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Mounting the circuitPicture

1. Before starting, make sure that no external power is applied to the Arduino board or any of the components involved, as we want to prevent any short circuits from occurring when connecting everything together.
2. Firstly, plug the male BNC connector of the electrode probe to the female BNC connector of the sensor board.
3. After that, use a jumper wire to connect the PO (Analog pH Value) pin of the pH sensor to A0 (analog pin 0) of the Arduino.
4. Then, use two jumper wires to connect the two GND (-) pins of the sensor to GND (-) pins of the Arduino.
5. Lastly, use another jumper wire to connect the VCC (+) pin of the pH sensor to the +5v pin of the Arduino for its power.
6. Now, you can fill the capsule of the pH sensor (the cap covering the tip) with whatever solution which you want to measure and you can power the circuit up.

Arduino Liquid pH0-14 Detection Sensor Project Code

#define SensorPin 0         
unsigned long int avgValue;
float b;
int buf[10],temp;
void setup()
void loop()
  for(int i=0;i<10;i++)       
  for(int i=0;i<9;i++)       
    for(int j=i+1;j<10;j++)
  for(int i=2;i<8;i++)                      
  float phValue=(float)avgValue*5.0/1024/6; 
  Serial.print("    pH:");  
  Serial.println(" ");
  digitalWrite(13, HIGH);       
  digitalWrite(13, LOW); 

 Calibrating the sensor

Before using this sensor to measure different solutions in order to gain its pH reading, it is necessary and highly recommended that you calibrate the sensor to be as accurate as possible before starting. This process may seem complex to do but it is simply done by turning the on-board potentiometer either clockwise or anti-clockwise depending on whether its reading is higher or lower than normal. For this test, it is best that you place the pH sensor in a solution which you are already certain of its pH level, then try and match the reading which the sensor outputs to the solution's known measurement. This would ensure that the other solutions tested are also accurate and with this said, it is best that you wash off the tip of the pH sensor after every solution to ensure an accurate reading further-on. The picture below shows how you would calibrate this sensor by turning the potentiometer with a flathead screwdriver:PictureAbout the code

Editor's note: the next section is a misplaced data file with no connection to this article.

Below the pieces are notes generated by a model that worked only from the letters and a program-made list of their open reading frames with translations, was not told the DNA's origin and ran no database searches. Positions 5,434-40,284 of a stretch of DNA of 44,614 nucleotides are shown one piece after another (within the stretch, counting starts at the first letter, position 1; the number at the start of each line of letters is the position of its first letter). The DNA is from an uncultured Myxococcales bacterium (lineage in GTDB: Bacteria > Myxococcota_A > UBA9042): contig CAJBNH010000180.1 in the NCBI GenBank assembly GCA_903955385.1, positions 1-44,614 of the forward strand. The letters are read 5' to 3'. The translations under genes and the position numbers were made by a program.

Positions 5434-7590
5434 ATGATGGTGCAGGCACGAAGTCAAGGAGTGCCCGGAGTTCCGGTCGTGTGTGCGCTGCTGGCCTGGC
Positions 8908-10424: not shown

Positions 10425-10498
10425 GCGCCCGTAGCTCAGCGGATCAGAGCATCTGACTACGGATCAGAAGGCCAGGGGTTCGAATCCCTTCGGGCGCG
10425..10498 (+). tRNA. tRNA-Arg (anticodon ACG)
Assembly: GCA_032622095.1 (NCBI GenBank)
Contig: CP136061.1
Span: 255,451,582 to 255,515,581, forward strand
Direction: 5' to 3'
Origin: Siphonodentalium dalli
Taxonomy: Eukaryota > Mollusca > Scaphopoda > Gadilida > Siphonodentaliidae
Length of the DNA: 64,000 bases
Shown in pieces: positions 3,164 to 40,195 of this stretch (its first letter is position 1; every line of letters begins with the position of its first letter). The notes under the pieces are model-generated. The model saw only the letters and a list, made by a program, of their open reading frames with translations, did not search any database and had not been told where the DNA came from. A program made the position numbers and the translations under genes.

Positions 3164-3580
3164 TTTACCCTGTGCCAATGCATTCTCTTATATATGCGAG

The code for this project is fairly interesting as it does have some unique structures and commands which you may have not come across before. Firstly, if we start from the top line of the code, we first define the analog pin A0 (called SensorPin) on the Arduino which the pH sensor will feed its data into. Then, we create an integer storage variable, named avgValue, to store the raw data which we will receive from the sensor as this information will be manipulated later for us to use. Next, with the float variable named 'b', we can then have the ability to store integers with a decimal point but with a limited amount of precision, however, this variable is enough for us and is used in the code to store the output values for us to read as explained later. On the next line, we declare an integer array/buffer array, called buf[10], composed of 10 separate integer samples (buf1, buf2, buf3, etc). The temp variable in the buffer array is used later to store certain elements in the array for later, where certain elements will be placed into this variable for us to get information out of. Now, moving on to the void setup section of the code, we start by triggering the Arduino's on-board LED to indicate that the LED blinks whenever it is receiving signals from the sensor...

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